This experimental horror film was initially intended to be a theatre production, written produced and directed by Avant-garde artist Edmund Elias Merhige. Development for the film began in 1984 and wasn’t released until 1990 at the San Francisco International Film Festival. Upon release, Begotten was banned in Singapore due to its graphic and disturbing content.
Merhige who owned a small theatre company, worked on several other experimental theatre productions before conceiving this nihilistic and nightmarish project. After discovering that his vision for Begotten as a dance theatre production with live music would cost a quarter of a million dollars to produce, he decided to adapt it to film instead.
At only 20 years old Edmund was cited to be inspired by theories and ideas of Philosophers Artaud and Nietzsche, which he believed needed to be adapted to film properly. References to other experimental artists like Francis Bacon, David Lynch and even themes from Christian and Slavic mythology and religion, including Creation, Mother Earth and various others are found throughout this extremely upsetting and gory black-and-white feature.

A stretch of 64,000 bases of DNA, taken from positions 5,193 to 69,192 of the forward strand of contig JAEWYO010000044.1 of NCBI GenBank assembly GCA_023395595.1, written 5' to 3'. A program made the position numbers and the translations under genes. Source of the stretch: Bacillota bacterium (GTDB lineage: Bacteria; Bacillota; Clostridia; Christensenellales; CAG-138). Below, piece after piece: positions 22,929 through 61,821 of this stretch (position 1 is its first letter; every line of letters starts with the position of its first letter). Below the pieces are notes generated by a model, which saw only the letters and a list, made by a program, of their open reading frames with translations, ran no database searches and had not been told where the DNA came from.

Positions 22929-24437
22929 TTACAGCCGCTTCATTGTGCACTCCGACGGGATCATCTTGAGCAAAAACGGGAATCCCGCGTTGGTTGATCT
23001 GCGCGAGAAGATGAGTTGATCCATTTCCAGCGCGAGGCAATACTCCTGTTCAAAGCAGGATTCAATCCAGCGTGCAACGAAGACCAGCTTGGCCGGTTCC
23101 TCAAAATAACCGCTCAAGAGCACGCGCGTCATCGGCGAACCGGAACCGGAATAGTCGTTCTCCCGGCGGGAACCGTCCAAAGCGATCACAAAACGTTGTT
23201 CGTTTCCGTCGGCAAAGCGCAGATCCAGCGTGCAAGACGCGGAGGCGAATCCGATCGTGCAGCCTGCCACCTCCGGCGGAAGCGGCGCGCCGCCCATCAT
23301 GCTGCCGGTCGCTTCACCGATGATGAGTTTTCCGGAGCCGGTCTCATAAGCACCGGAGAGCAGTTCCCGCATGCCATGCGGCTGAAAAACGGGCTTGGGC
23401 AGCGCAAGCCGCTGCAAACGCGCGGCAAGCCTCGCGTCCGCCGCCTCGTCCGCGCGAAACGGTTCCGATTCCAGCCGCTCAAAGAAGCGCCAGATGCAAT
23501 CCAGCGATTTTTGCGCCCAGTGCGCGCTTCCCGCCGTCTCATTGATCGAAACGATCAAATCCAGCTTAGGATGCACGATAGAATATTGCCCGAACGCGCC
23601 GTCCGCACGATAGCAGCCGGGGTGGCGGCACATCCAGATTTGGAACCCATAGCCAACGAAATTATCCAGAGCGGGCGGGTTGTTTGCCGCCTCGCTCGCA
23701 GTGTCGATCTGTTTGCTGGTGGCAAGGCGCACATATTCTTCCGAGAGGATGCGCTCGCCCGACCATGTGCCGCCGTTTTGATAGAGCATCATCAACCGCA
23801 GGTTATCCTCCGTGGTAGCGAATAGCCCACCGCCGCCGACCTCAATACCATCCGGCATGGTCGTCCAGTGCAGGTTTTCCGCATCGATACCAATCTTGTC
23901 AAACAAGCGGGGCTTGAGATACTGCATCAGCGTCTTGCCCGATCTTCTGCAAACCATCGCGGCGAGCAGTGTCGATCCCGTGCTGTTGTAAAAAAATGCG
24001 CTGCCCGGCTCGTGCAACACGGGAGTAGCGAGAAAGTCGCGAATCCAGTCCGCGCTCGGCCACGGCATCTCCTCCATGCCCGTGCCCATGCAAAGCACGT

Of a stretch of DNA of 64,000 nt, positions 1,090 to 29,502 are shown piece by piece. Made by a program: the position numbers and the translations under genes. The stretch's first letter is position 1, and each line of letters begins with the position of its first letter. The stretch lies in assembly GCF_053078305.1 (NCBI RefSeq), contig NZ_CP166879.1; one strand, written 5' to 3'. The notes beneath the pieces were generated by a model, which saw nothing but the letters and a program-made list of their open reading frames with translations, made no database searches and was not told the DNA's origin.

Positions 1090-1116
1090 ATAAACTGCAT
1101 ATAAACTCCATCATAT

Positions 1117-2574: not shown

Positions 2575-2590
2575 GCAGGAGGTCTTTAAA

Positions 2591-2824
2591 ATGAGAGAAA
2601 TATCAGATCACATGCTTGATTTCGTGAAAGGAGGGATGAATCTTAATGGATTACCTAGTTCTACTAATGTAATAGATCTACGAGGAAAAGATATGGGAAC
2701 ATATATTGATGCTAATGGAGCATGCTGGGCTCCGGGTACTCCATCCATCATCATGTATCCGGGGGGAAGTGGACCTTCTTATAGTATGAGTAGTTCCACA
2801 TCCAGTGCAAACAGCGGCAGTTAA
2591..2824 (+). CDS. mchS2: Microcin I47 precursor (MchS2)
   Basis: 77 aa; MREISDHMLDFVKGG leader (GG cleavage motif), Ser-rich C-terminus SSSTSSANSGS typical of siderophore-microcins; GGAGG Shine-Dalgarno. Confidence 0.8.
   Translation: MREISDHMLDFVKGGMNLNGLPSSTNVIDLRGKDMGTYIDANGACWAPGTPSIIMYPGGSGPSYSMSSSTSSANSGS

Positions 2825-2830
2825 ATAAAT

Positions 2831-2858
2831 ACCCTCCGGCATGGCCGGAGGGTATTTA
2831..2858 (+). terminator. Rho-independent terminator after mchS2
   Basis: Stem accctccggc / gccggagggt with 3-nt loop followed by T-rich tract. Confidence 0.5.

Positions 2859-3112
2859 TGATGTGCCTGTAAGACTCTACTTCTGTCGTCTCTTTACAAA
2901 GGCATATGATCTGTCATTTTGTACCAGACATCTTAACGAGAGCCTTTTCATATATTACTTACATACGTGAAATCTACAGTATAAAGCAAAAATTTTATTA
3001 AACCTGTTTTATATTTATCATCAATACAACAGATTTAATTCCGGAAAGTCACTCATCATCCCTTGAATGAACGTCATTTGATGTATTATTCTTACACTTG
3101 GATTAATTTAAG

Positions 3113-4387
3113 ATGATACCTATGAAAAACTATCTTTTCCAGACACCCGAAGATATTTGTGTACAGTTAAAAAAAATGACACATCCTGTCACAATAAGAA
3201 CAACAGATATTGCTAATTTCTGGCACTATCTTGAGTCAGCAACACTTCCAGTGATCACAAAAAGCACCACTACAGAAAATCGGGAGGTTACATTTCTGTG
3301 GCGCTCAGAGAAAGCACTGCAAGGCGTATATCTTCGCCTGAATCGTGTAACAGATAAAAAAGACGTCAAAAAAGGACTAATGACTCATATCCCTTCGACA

The entire movie was shot on 16mm using reversal film, a type of photographic film that produces a positive image on a transparent base. Reversal film is processed to produce transparencies or diapositives instead of negatives. Which gave this cult classic it’s hard to shake & other worldly atmosphere. Merhige reportedly devoted ten hours of work processing each minute of this 78-minute film.